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Quick guided tour

This is a quick guided tour describing the three most common uses of MadLab:


Setting up and solving your own problems


When MadLab starts, it does not have a board opened. So first open a new board by clicking the "Create new game" icon . You are asked about the board size: choose 9, and a 9x9 board opens up. Now click the "Add black or white stone(s)" button . The cursor is transformed to a cross-hair pointer, and you may add stones on the board by clicking once (black) or twice (white) -- clicking once more removes the stone. Try entering the following position:



When you have entered the position, right-click on one of the two white stones. A popup menu appears: choose "Capture". MadLab thinks briefly and answers. Above the board MadLab tells you that the problem has lambda-order n=3, how many positions MadLab looked at, and that the solving move is at C6. Notice that the cursor is normal again, meaning that if you click on the board, it is a move for the White player (since MadLab has just played a black move).


Now you may try to play a white stone at D6 in order to escape (just click at D6: it is White to move, as indicated by the button). After this, you hit the "Search: Obtain goal" button , and MadLab answers at D7. The plus sign in the button indicates that the program is asked to obtain the goal when you press it. (Note also the black stone in the magnifying glass, to remind you that clicking the button asks for a black move.)


Try retracting all the moves by means of the "Delete last move" button , until there are none left to delete. Now click the "Set search goal(s)" button  (the small down-arrow button is situated next to the  button). This pops up a window showing you how the goal is set. This should look ok, and you now hit the the "Search: Avoid goal" button  (alternatively you might  right-click one of the white stones, and choose "Escape"). MadLab starts looking for white escaping moves. This 'avoid goal' search works a bit differently from the 'obtain goal' search you tried before. To explain it briefly, the marked/colored intersections are moves that may work for White, whereas moves that are not marked are guarenteed not to work. The 'avoid-goal' search will only stop if there are no avoiding moves at all (i.e., if White is dead no matter what he or she moves). If this is not the case, the search goes on indefinitely, trying to eliminate any remaining move candidates. You can read much more about 'avoid-goal' search and the meaning of the markers/colors here.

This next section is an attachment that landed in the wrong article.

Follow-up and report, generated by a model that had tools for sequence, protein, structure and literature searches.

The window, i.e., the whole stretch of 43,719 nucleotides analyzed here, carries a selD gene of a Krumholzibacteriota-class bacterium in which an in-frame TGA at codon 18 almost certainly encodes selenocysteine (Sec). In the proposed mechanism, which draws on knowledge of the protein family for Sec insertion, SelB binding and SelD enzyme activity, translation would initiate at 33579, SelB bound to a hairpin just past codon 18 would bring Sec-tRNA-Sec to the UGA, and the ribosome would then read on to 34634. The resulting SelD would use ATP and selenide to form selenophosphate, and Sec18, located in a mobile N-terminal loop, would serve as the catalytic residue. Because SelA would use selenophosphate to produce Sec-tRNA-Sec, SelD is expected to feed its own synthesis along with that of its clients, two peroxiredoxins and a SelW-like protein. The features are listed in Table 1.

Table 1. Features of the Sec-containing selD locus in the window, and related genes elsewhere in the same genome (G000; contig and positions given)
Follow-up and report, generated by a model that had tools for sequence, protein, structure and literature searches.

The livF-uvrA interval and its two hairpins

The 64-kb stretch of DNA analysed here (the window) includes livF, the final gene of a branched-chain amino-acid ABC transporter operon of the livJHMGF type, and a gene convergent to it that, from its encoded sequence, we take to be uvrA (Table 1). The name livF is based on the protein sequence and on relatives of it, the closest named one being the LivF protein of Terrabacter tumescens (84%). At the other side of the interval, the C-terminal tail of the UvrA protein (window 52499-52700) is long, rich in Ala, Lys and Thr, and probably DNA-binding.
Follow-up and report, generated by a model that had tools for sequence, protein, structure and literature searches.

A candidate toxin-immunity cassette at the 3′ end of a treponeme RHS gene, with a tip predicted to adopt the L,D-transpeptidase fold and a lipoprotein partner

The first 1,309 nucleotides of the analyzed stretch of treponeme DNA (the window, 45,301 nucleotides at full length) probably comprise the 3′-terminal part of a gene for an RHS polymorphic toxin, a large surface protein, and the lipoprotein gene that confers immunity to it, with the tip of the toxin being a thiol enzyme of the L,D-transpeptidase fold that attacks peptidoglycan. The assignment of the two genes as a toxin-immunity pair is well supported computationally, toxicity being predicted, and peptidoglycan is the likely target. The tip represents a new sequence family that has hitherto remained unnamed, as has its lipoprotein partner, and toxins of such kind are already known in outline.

Abort the 'avoid-search' by clicking the "Stop search" button . This forces MadLab to play what it considers the best escaping move up to now (probably White C6, depending on how much time the program was given).


Again, retract all moves to the original position by means of the "Delete last move" button . Now hit "Add black or white stone(s)"  again, and add a white stone at B6. The position should now look like this: 



Try solving the problem by clicking "Search: Obtain goal"  again. This search will go on for a long time, and it is not obvious whether the two white stones can be captured or not. Above the board MadLab tells you the current lambda-order, the number of positions seen (in thousands; kN means kilo nodes), the search speed (thousand positions per second: kN/s), a very crude indicator of the closeness to obtaining the goal (in %), and the number of positions stored in memory. The search quickly reaches lambda-order n=4, and there does not seem to be any quick win for Black. So abort the search by clicking the "Stop search" button .


This problem is hard, but if the goal was instead to capture either the two white stones or the single white stone at B6, it would solve quickly. To see this, right-click on one of the two white stones at D5 and E5, and select "Capture 1 of 2...". This will activate a white line pointing out from the selected stone. Drag the line to the white stone at B6, and left-click. MadLab starts searching and quickly finds a way to capture at least one of these two blocks (by playing Black C5). If you click the "Set search goal(s)" button  again, you can see that this is indeed set up as a double-goal problem. If after Black C5 you try to escape with, e.g., White E7, Black ataris at E6, White plays D6, Black ataris again at C6, White plays D7, and Black now captures the other stone by playing Black B7.